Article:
The Italian economy loses 236 billion euros a year to corruption, which is about 13 percent of gross domestic product, or equal to 3,903 euros per inhabitant.
The figure is twice as high as that of France, where it’s equal to 120 billion euros and 6 percent of GDP, and that of Germany, where corruption costs 104 billion euros (4 percent of GDP).
The analysis was conducted by European Green Party for the European Parliament, based on figures from the American NGO RAND.
89 percent of Italians think that corruption is “extremely widespread” in their country, with 84 percent convinced that it is “part of the business culture” of Italy.
The study highlights how, in Italy, the wasted money could resolve all of the country’s major social problems, Repubblica writes.
The cost of corruption in Italy is more than one and a half times the national public health budget.
It's also 12 times bigger than the funding for the country’s police force, 16 times the funding set aside to combat unemployment, and 337 times bigger than the budget set aside for Italy’s scarce social housing.
In Italy, 80 percent of inhabitants believe that corruption is so widespread in their country that the majority don’t bother to report it.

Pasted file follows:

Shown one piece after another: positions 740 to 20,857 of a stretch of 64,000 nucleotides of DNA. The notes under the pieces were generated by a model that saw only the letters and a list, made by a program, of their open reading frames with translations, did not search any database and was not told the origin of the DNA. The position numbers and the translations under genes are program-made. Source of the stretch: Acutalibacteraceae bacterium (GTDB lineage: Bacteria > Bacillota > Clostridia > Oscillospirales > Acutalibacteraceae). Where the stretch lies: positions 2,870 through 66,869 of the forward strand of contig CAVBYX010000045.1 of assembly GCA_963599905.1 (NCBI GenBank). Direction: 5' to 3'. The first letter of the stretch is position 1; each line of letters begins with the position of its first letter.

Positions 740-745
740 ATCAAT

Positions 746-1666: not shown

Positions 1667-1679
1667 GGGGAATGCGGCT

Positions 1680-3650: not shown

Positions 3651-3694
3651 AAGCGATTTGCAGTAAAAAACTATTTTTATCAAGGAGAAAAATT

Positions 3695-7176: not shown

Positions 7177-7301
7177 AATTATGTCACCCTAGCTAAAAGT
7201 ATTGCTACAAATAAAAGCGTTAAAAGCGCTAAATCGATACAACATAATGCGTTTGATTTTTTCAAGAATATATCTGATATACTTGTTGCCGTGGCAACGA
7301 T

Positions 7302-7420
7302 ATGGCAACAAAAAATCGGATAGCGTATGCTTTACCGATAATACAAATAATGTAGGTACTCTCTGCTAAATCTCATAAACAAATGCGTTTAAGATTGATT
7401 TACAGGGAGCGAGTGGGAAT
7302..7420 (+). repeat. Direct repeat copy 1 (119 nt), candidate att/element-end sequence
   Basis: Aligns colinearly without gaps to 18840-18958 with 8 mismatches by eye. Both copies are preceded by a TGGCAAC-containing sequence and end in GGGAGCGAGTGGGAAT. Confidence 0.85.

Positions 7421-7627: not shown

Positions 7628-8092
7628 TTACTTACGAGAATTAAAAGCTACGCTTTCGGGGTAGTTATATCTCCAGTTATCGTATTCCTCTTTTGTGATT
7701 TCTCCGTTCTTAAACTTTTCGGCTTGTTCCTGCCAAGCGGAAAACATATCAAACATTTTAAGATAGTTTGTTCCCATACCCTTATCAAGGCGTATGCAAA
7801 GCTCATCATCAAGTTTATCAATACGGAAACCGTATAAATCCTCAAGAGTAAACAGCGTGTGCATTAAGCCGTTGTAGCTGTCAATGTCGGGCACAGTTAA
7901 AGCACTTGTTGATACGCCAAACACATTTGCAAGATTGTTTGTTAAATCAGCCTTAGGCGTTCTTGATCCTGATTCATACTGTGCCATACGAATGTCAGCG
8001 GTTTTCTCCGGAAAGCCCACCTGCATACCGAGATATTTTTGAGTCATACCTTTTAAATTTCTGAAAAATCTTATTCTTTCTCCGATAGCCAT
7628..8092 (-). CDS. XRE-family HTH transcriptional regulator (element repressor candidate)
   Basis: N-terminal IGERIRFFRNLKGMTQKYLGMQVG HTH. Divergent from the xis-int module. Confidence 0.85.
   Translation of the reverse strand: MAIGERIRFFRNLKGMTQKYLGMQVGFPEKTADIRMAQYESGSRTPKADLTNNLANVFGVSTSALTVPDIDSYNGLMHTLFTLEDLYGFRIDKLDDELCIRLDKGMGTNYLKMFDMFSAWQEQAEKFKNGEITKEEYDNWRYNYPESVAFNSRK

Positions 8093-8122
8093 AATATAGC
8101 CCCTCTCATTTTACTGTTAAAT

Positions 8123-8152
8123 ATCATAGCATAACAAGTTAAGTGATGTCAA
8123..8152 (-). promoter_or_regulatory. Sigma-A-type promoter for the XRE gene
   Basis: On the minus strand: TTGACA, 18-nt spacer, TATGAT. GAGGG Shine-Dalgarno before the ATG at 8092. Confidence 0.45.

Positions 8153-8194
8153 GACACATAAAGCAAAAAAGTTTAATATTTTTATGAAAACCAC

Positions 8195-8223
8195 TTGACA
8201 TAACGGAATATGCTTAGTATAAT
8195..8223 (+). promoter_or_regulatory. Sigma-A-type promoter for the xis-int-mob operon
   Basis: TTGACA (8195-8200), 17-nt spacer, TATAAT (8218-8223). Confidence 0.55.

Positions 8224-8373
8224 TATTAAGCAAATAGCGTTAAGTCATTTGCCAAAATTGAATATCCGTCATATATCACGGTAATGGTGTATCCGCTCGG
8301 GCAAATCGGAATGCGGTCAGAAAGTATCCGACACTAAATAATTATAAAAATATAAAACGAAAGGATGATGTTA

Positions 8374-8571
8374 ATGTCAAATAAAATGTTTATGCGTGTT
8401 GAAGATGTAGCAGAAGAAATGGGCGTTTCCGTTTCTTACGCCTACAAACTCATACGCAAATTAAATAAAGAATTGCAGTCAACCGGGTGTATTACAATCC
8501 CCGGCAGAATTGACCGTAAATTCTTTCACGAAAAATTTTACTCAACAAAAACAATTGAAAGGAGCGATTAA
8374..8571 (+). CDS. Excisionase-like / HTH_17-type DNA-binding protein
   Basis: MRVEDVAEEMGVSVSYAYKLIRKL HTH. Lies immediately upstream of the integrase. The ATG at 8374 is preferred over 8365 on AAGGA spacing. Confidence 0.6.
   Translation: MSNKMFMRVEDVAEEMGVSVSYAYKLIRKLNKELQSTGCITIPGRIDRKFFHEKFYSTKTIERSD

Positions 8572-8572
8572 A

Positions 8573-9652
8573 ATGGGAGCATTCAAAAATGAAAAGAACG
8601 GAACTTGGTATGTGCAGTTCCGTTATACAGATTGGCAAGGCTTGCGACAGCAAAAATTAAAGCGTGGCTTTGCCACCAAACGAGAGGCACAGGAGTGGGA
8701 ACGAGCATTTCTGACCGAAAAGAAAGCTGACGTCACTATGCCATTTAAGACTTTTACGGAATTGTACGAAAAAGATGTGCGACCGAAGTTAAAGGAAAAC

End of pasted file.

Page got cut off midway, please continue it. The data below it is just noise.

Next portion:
The figure was the same in more than half of European member states, with the same figures found in Bulgaria, the Czech Republic, Croatia, Cyprus, Greece, Hungary, Lithuania, Latvia, Romania, Portugal, Slovakia, Slovenia and Spain.
While Italy suffered most from the cost of corruption overall, Romania was found to be the most corrupt country when looking at the cost as percentage of GDP.
Romania loses 15.6 percent of GDP to corruption every year.
More generally, corruption seems to be a bigger problem for Eastern Europe, as well as for Italy: Bulgaria, Latvia and Greece lose about 14 percent of GDP each year, Croatia 13.5 percent, Slovakia 13 and the Czech Republic 12.
On the other hand, the Netherlands came out as the least corrupt European country. Corruption here costs just 0.76 percent of GDP, although that’s still about 4.4 billion euros.
In total, the European Union loses 904 billion euros of GDP to corruption, if the indirect effects are included in the calculation, such as lost tax revenue and the reduction of foreign investments.
To put the figures in context it’s said that ending world hunger would cost 229 billion, providing primary education to all the children of the 46 poorest countries on the globe 22 billion, and eliminating malaria four billion.
The study showed that across all European countries, most people think their government's efforts to combat corruption are ineffective.
The only institutions trusted by a large majority are police forces, and trust in European institutions is as low as four percent.
Denmark and Finland came next with four billion each. And in the United Kingdom corruption costs 2.3 percent of GDP, or about 41 billion euros.